The several strains of poultry that have been released during the last two decades are mostly of exotic inheritance and are not really ideally suited for the rural scenario in the hands of the weaker sections. Most of them are also of a dual-purpose type and a few of layer type. The creators of these strains claim that most of them give around 150 eggs or even more. By and large several of them proved their genetic worth and survival capacity by their field performance. This has been proven by the increasing demand for these particularly Giriraja, Vanaraja, Krishna-J, Gramapriya etc., with which the centres of their origin are not able to cope. It is appropriate that ICAR and GOI should step in at this juncture to strengthen such programmes.

It is necessary to mention that there is one singular commendable example of a private breeder who had the courage to enter this complex area of poultry breeding and tinkering with desi germplasm to create a new meat strain to cater to the market in Maharashtra. This pioneer is Anant D. Samant of Mumbai who struggled for quite a long time with desi germplasm to evolve Kalyani-D.K for meat purposes based on which he was able to built a prosperous desi Poultry Meat market. After evolving Kalyani-D.K he distributed the breeding stock to his selected clients to multiply the stock and multiply the number of farmers raising this strain and has consolidated his business. This single example of a breeder in Mumbai running prosperous business based on desi poultry extending over a large area of Maharashtra is a standing example of the market still available for desi chicken meat and eggs. Against this background Scientists should use their knowledge of genetic engineering to improve the new strains they created based on exotic inheritance by infusing the required dose of indigenous inheritance to create a more efficient bird with higher productivity greater disease resistance and higher adaptability to the harsh rural environment. They may even go a step further by creating new breeds of hybrid chickens combining exotic and desi inheritance of selected breeds and regulating the level of desi inheritance to get the best results. However, it is essential to remember that we cannot create Magic Birds that can produce in plenty with meagre inputs under harsh environments.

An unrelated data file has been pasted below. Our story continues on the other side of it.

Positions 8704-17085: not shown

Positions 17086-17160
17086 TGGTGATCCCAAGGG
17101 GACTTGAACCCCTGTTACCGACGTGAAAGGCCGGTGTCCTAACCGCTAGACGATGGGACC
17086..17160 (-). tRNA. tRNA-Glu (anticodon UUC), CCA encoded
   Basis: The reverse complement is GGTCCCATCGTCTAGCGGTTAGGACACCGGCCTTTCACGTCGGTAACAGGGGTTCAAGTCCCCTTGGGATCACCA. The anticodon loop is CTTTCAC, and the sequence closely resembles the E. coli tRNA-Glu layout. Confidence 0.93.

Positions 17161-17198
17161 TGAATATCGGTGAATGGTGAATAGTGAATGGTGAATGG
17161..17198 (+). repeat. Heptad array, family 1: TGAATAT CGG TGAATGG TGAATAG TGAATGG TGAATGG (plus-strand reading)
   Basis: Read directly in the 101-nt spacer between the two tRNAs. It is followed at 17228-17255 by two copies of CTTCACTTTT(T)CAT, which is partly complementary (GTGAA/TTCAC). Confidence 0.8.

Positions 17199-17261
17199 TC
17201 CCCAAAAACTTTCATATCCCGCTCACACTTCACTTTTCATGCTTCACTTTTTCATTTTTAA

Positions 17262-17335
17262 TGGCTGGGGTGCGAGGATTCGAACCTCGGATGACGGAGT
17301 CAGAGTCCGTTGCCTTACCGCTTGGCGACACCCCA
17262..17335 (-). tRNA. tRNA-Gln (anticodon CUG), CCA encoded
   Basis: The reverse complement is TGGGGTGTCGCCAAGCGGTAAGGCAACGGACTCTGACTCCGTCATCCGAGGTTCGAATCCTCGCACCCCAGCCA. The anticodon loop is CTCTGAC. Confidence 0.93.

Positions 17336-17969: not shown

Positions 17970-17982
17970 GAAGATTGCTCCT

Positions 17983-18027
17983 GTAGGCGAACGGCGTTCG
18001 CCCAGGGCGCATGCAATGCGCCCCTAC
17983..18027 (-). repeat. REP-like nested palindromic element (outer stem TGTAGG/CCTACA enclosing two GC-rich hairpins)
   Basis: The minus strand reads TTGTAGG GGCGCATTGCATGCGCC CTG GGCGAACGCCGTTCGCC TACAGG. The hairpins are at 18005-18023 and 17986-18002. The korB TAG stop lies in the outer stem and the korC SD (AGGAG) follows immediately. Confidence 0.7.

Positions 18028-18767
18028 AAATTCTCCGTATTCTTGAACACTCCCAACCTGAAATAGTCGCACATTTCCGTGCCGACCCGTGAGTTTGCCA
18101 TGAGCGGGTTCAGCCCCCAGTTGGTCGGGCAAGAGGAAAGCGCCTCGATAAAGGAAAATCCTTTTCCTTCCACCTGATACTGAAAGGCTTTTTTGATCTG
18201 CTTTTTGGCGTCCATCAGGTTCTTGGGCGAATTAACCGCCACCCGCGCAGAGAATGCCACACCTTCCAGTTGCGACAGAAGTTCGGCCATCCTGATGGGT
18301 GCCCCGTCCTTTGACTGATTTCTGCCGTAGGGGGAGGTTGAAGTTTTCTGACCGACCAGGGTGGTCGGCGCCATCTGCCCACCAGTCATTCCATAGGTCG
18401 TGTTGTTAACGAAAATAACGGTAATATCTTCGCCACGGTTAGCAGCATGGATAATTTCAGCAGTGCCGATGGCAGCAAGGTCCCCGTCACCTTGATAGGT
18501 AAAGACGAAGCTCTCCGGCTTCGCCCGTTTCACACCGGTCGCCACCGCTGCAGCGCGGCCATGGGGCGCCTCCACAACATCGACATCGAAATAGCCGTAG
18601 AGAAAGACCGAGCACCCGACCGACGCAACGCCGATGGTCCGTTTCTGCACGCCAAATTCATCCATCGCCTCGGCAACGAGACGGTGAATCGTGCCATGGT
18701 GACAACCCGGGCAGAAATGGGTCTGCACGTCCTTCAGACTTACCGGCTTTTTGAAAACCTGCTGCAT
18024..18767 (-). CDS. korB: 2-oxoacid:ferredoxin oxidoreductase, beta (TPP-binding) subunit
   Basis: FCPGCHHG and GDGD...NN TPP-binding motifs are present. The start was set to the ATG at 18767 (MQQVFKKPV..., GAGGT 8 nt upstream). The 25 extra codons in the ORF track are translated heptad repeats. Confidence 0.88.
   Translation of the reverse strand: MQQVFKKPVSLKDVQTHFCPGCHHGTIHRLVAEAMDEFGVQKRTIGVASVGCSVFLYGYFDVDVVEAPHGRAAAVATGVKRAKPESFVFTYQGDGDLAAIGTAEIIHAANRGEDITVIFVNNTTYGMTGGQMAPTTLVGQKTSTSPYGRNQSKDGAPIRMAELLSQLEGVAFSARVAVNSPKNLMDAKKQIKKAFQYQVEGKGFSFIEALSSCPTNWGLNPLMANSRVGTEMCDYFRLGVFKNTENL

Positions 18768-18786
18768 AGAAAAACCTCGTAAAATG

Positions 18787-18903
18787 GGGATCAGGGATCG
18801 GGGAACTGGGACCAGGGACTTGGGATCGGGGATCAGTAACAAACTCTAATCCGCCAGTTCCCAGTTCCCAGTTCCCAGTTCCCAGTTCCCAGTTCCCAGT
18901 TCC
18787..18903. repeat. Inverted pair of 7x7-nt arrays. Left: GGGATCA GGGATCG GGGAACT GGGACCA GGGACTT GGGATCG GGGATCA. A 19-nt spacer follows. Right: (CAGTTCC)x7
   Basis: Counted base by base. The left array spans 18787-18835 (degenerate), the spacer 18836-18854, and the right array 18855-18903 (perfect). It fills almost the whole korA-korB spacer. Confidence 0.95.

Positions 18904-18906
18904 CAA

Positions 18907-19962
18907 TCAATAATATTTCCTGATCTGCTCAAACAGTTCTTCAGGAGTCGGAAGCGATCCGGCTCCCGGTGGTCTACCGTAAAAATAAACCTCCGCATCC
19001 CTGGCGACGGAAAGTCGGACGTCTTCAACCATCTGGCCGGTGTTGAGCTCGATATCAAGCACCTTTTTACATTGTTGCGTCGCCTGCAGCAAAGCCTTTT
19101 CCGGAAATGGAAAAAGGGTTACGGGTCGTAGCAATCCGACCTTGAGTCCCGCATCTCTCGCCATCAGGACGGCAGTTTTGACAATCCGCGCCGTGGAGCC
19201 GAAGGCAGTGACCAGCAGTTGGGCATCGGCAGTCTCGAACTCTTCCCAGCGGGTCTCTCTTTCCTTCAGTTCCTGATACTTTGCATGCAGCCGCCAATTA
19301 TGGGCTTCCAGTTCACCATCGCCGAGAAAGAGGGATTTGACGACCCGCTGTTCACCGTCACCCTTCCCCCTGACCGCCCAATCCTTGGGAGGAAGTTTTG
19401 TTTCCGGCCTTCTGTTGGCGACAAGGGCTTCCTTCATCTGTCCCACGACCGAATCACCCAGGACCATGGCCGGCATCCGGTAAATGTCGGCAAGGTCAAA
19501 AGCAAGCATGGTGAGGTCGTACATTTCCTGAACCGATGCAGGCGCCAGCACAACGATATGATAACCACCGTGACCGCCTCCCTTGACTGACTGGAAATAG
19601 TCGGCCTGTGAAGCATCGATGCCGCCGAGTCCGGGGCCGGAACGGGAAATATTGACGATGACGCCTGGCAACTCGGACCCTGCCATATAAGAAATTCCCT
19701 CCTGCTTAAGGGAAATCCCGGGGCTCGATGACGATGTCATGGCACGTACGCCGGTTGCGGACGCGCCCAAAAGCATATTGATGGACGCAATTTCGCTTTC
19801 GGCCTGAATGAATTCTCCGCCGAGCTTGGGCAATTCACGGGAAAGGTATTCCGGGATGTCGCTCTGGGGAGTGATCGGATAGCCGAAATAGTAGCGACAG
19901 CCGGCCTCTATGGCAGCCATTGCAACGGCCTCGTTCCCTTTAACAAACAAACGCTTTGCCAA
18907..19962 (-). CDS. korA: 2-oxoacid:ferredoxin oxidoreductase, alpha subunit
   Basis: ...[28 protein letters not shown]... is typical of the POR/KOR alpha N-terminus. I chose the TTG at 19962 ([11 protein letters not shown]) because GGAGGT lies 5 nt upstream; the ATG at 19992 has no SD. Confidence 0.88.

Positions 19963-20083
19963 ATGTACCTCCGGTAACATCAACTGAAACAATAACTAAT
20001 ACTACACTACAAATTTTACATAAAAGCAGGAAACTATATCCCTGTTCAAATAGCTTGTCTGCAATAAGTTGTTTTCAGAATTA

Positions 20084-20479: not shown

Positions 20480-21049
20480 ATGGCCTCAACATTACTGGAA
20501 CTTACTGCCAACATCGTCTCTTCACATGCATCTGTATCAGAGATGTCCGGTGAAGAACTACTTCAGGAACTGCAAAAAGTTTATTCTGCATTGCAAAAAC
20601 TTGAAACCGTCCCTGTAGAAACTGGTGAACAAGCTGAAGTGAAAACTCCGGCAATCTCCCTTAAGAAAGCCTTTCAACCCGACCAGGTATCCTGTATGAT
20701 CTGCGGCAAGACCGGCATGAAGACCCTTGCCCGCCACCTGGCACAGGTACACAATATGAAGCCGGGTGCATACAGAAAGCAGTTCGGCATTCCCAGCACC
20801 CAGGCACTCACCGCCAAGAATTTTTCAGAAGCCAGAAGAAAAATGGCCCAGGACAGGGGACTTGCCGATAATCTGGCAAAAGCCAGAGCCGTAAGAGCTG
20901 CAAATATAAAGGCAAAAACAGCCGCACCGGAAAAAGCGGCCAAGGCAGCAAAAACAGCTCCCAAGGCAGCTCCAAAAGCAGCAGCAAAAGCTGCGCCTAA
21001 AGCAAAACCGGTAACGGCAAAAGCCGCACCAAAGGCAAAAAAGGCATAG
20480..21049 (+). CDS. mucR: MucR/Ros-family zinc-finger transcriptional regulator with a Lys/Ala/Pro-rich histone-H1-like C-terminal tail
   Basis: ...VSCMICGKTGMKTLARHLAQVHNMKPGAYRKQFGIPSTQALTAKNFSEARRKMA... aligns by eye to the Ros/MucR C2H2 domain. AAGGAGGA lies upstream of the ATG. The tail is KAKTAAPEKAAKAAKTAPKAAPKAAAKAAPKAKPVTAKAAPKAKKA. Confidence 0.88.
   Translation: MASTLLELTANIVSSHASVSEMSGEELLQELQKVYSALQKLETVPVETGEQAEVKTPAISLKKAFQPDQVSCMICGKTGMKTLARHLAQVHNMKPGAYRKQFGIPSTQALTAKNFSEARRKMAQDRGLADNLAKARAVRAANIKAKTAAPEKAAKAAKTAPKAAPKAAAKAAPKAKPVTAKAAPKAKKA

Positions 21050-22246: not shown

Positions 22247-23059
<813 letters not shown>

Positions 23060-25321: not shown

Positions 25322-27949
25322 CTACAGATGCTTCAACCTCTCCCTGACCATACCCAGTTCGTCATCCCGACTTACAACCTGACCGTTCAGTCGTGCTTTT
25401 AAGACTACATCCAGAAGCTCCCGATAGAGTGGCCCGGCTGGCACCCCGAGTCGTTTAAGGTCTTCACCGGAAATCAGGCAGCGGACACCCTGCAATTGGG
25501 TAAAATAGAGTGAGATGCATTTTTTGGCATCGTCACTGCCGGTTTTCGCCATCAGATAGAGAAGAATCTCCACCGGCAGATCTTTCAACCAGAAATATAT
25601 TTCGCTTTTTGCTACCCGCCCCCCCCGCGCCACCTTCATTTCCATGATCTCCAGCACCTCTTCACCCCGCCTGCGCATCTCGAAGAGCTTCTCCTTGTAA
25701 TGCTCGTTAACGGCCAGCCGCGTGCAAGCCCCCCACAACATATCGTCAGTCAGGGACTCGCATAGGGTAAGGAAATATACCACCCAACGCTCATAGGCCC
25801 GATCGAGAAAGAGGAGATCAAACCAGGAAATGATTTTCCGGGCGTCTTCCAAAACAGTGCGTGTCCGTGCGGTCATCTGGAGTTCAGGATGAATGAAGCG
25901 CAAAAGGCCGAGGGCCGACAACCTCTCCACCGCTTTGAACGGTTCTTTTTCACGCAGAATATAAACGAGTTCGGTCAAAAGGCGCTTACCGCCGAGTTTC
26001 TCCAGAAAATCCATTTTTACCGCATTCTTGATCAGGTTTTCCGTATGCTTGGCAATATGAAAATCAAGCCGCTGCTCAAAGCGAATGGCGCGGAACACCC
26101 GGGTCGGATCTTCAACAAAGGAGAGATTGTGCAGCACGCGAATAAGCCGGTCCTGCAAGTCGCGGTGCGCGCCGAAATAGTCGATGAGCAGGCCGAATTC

Against this background the development of rural poultry should be on a multi-pronged drive based on Short-terms, Medium-term and Long-term planning. a committee of Poultry scientists from the ICAR and the Dept. of Animal Husbandry and Dairying should be set up immediately to work out the full details of the several plans.

A. Short-term Measures

Under this programme whatever poultry resources of a proven nature or of established reputation are available should be made use of on top-priority basis for the benefit of the rural poor. Under this category come poultry strains like Giriraja, Krishna-J, Vanaraja, Gramapriya, etc., which have been in circulation for a considerable time over extensive areas in the country and which the farmers have accepted and the creators of these strains are not able to cope up with the public demands for want of funds, staff and several other reasons. The main object of this category of projects is to render immediate succor to the rural poor through the total exploitation of accepted strains. With the limited resources the centres which evolved the strains are not able to further improve them.